I knew early on I wanted to write speculative fiction. I knew I wanted to write about moral decisions-- though I didn't really articulate the concept until much, much later. But TWM was the first novel that seemed to encapsulate what I wanted to do with my fiction.

It gave me a perspective on fiction I have used to this day.
Wall of Idiots
Lies from the RNC
Lies from the DNC
Lies from progressives
Conservative lies about health care and breast cancer
Conservative response to Obama's school speech
CPR lies about health care
Eric Cantor's gender lies
Lies about stamps
Lies about China
Plastinated cadaver sex
Conservative sex ad
Catholic conspiracies
Ian Pilmer

Links of Interest
Happy Birthday, H. G. Wells!
Haumea and here
NASA Launch Systems
Light a gril in 30 seconds and here
Gene therapy for monkeys to get color vissiiooon
Salt and pepper battery
Levitating mice
Microwave cold spot artifact
The thankless job of the FDA
Steampunk Motorcycle
Weird things fall from the air
Give geoengineering a chance

Paper monster automata
Altoids Tin Bread Baker
Dress from a button down shirt
Beneficial bug houses
Bandaid in the woods
Downloadable papercraft
Low melt casting alloys
V: low cost rice thresher
Baskets from gas bottles
Sailboat in a closet
Small, precise holes
Gray water system
Secret image sculpture
Carbonated beverages
Overboard rescue
Battling tops
Bamboo bike frame
Clean a knife
Filleting a fish

Thursday, September 17, 2009

Joe Wilson, Chucklehead

(Picture from here.)

Much as I would like to say the animal to the left is Joe Wilson, Congressman from South Carolina, it is not.

Joe Wilson isn't that nice.

I'm not going to go into all of the reasons this sort of nastiness is objectionable. That is better articulated here.

What is truly unfortunate about all this is how it has been completely embraced by the right. Coulter, for example, refers to Wilson as "America's greatest living statesman". (Of course, Coulter is incapable of not lying nor is she capable of citing her statements. But I will. Here's the article.)

Cousin Joe is now the darling pet rabid squirrel of the right.

God. I miss the Republican Party.
Wall of Idiots
Winner of the MJ Monument Competition: God, I hope this is sarcastic.
Deaths due to lack of Insurance
Omission Control
Tim Pawlenty
The 9-12 Project-- or anything else Glenn Beck supports
Glenn Beck, (and here) a Father Coughlin for the modern American

Links of Interest
5 essential things to know about evolution
Conspiracy theorist convinces Neil Armstrong moon landing was faked
Obama conspiracy theories
Visualizing Health Care
Happy colonoscopy
Life cycle of chronic wasting disease in animals
The drying lakes of Mars
The sun dims understanding on global warming consequences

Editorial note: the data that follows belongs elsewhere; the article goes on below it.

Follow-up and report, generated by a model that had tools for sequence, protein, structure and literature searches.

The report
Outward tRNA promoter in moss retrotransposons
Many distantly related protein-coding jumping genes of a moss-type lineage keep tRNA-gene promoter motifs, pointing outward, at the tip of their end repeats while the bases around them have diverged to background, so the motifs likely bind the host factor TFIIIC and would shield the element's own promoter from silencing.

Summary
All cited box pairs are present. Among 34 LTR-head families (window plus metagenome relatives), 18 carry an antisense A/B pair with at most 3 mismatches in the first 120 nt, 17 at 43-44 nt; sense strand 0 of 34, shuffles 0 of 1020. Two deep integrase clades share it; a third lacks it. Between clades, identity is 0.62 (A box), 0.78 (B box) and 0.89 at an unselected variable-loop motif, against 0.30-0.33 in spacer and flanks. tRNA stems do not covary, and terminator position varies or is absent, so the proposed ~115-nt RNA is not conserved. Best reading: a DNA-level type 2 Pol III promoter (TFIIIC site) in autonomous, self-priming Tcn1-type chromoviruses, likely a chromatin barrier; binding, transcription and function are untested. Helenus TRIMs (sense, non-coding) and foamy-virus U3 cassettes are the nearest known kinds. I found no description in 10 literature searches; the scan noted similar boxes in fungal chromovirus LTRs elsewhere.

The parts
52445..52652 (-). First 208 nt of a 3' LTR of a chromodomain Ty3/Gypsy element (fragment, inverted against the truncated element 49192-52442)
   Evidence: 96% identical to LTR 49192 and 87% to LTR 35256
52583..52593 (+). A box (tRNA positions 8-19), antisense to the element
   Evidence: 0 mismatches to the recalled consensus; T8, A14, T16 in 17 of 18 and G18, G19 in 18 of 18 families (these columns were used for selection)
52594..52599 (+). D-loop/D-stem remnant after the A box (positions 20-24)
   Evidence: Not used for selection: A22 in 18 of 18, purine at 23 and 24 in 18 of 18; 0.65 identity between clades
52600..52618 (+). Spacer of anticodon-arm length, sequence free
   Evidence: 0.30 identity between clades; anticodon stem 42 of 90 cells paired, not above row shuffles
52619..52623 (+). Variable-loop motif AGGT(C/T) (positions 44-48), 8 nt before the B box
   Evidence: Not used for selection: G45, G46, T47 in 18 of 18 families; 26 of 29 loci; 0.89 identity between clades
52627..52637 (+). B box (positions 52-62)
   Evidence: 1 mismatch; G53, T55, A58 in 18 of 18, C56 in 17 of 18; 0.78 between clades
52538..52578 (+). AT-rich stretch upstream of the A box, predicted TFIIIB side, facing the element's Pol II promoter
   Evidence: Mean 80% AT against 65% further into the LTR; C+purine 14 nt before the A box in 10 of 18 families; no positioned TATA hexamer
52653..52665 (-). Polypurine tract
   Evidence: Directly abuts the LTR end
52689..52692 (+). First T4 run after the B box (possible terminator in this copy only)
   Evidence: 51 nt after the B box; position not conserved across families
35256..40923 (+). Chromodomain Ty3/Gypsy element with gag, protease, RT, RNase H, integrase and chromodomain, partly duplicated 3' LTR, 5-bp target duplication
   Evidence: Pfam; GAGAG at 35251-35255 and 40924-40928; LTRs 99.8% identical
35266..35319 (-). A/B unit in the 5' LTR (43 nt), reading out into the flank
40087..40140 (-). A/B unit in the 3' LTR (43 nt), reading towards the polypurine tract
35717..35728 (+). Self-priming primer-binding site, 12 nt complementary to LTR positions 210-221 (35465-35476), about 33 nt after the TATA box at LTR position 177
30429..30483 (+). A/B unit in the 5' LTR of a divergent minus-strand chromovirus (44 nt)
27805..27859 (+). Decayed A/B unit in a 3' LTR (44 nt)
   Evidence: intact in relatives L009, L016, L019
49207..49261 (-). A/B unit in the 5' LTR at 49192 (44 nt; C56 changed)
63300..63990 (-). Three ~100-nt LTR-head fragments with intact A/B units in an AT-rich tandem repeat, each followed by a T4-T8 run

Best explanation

Hubble is back.
Classical behavior in a quantum world
The Great Earth Oxidation Event
V: Victorian Insect House

Ultimate fog maker
Build a strawbale house: Step by Step
Low Tech Links
Water powered cable train
Burning Man Skills and here
Water bottle launcher
Loft bed
Homemade vanilla extract

Friday, September 11, 2009


(Picture from here.)

[Two men standing next to a car. One is Tom Coleman, owner of the car. He is smoking a cigarette. The other is Frank McCarthy, a passer by.]

Frank: Nice car.
Tom: Thanks.
Frank: If you need a phone to call a truck--
Tom: No. The car is fine. I just pulled over to have a smoke.
Frank: Didn't want to hurt the upholstery?
Tom: Exactly.
Frank: Me, too. My wife won't let me smoke in the house. Got a light?
[Tom supplies a light]
Frank: Frank McCarthy.
Tom: Tom Coleman.
[shake hands]
Frank: That is some fine car. Beautiful lines. Cars are amazing.
Tom: Yes.
Frank: What do you do?
Tom: Automotive engineer.
Frank: Ah.
Tom: Is there a problem?
Frank: No. I just don't believe in automotive engineering. Engineering, surely. But not automotive engineering.
Tom: Really.
Frank: That's right.
Tom: You don't believe in cars.
Frank: Now that would be stupid, wouldn't it? Look at your car, right there. It'd be stupid not to believe in something that's right in front of me.
Tom: I don't understand.
Frank: I don't believe in the engineering of cars.
Tom: What? They just appeared by the will of God?
Frank: They came from a factory, of course.
Tom: Then, where did the factory come from.
Frank: That factory was built.
Tom: By whom?
Frank: That's the mystery, isn't it?
Tom: What mystery?
Frank: The mystery of all these cars. Big cars. Little cars. SUVs. Trucks. Far too many cars to be explained by a single factory.
Tom: I... suppose.
Frank: Then, they all must have been built by different factories, right?
Tom: Okay.
Frank: Therefore, all of the factories that built all of the cars must have existed at the same time.
Tom: Why?
Frank: Well, otherwise, we would have cars that changed over time, right?
Tom: But that's what happened
Frank: No. It's a lie propagated by Lee Iacocca. I don't believe in automotive selection.
Tom: You'd rather believe that all factories were built at the same time.
Frank: That's what it says in the bible.
Tom: What? On the third day he created the Edsel?